I let out an involuntary gasp as I turned over the price tag. This child’s ski jacket was unbelievably expensive. But of course it was. If someone needed to buy a ski jacket in this village high in the Austrian mountains, the shop owners could charge what they liked. A ski jacket when skiing was hardly an unnecessary accessory. I shut my eyes and sighed. I’d have to pay it.
The thing was, the need to buy this ski jacket was a severe blow to my pride. Weeks before I had been bragging to my friend about how I had taught my children to do their own packing. They were still at primary school, but as soon as they could read they had been given packing lists to get their sports bags ready. I had brought them up with the maxim, ‘Mummy won’t do anything for you that you can do for yourself’. I acknowleged that I was teaching them responsibility early. Most mums I knew were still packing their children’s bags when they started secondary school. But I was determined that my children were not going to be that namby-pamby. They knew how to pack their games kit; having been given a list they could pack for a ski holiday.
At the school gate, other mums had explained to me that when time was short, it was simply easier to sort out the PE kit themselves. That way there was less likely to be a last minute panic as they were about to leave the house in the morning. I understood that issue. I too had shouted my way through the awful five minutes before the school run on innumerable occasions. I frequently stumbled into work grateful for the blessed relief of its calm order. It was such a contrast to the chaos monster that I had been battling earlier.
Still, I was determined that my children’s need to learn responsibility was of over-riding importance. There might be a few minutes of panic while my daughter looked for her ‘cello music just as we were leaving. They were a reasonable price to pay for the longer-term benefit of having a child who was independent. Sometimes it meant I had to be really tough; I usually refused to turn back if a child remembered something they had forgotten halfway to school. They would have to face the ire of their teacher themselves. They would learn to be organised faster that way.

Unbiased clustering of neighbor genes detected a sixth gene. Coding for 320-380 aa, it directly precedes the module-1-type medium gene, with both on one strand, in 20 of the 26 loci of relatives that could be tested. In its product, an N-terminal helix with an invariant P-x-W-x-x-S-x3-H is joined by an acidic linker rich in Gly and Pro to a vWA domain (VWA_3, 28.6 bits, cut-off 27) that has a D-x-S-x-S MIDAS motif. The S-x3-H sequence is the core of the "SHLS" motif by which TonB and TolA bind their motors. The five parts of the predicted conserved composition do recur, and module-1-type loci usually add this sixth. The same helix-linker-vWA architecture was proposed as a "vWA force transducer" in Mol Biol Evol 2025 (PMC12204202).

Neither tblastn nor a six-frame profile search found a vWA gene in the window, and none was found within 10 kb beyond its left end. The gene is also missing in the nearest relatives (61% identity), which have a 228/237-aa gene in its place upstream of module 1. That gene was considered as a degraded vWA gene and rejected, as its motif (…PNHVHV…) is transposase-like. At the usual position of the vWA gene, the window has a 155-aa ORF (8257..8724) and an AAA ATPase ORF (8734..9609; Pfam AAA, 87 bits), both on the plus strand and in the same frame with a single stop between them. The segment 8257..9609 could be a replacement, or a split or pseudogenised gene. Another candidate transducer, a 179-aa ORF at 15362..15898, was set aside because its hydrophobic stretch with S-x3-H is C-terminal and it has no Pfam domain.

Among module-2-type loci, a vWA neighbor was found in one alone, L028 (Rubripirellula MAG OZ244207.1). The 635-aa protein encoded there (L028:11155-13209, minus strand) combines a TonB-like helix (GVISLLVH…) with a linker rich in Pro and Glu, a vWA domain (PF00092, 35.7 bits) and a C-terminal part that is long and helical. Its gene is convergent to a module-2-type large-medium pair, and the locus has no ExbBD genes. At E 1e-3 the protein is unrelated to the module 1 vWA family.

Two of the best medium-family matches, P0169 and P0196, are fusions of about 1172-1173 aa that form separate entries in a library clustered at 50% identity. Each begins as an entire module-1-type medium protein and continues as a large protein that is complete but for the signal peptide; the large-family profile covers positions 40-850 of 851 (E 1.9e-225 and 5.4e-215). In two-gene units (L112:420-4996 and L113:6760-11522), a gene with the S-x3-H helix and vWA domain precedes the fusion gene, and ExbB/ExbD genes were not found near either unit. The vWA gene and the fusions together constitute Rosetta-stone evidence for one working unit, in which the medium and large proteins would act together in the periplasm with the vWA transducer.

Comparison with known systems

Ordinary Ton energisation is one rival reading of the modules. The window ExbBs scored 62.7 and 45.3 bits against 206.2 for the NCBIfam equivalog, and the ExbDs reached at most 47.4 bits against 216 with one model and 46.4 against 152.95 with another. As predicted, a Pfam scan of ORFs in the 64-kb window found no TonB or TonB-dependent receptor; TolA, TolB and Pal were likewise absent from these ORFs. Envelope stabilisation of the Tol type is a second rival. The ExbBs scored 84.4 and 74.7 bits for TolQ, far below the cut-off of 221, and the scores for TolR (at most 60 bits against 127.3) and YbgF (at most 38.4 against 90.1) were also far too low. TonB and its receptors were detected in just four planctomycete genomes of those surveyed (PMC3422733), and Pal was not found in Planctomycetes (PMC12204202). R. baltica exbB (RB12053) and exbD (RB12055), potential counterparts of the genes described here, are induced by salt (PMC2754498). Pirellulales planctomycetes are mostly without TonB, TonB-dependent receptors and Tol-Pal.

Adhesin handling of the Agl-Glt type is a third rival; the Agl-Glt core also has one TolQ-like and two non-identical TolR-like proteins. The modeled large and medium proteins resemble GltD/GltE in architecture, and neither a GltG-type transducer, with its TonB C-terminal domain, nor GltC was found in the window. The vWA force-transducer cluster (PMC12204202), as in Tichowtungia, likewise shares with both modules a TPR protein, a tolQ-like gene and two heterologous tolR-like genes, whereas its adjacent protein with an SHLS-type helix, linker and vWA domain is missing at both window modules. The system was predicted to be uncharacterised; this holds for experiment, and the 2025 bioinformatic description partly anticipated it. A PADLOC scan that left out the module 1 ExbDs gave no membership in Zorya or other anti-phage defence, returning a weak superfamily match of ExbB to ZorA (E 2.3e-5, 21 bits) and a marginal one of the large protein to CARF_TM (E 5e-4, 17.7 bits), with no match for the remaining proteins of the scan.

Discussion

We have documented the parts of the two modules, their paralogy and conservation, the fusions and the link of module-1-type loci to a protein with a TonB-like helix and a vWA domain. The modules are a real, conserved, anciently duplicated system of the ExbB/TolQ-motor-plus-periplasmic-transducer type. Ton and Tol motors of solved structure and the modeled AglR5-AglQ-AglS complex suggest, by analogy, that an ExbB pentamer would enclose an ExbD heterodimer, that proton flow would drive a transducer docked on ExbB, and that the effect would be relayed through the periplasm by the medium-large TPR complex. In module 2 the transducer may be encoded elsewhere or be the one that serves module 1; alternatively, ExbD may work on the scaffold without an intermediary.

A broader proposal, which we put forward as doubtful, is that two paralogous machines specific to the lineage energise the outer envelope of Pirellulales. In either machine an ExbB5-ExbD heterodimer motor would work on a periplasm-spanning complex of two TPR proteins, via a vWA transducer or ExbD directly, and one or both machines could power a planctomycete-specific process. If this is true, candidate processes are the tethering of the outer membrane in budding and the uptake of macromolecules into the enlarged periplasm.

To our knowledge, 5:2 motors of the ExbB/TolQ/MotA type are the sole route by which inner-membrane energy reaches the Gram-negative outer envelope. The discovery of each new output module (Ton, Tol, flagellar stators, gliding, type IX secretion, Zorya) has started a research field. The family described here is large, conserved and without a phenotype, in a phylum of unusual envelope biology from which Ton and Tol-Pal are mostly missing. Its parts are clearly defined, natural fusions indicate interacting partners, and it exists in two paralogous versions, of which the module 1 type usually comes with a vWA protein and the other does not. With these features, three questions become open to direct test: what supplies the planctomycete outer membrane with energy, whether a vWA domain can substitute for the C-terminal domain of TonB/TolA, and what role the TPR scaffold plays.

I wasn’t always so uncompromising. Occasionally I would back down if there was a special reason. When my son had a music exam and had forgotten to bring in his trumpet I did deliver it to school. Now a young adult, he points out that there were occasions when I was the person who had forgotten something. I was prepared to double back on the school run then. ‘Hmm’ he says, with raised eyebrows. He’s still sure I wasn’t fair.
I guess it was easier to be tough on the days when I genuinely could not produce the forgotten item because I myself was going to work. If I had been at home full-time it would have been harder to justify this hard-line approach. But even on my non-work days I persisted in expecting my children to understand that my whole life did not revolve around being their nursemaid.
There were definite benefits to my tough approach. I’m convinced my children’s transition to secondary school was easier because they were used to organising their own belongings. Selecting the items they needed for the next three lessons out of a locker was a challenge that my children achieved with ease. Their friends struggled.
But now, in Austria, the cost of this approach was staring me in the face. I had left my young son to do his own packing and he had left his ski jacket behind. Of all the things that needed to be in his suitcase, this was the most important item and the most costly to replace. It clearly had been unfair to give him that much responsibility at his age. And worst of all, one of the mothers who always did her children’s packing was on holiday with us, and she would be quite within her rights to crow over me. ‘You see?’ I was right not to leave it to the kids after all,’ she could well have said. ‘You don’t look such a good mum now, do you?’
Back in the ski clothing shop, I silently got out my purse and paid for my pride.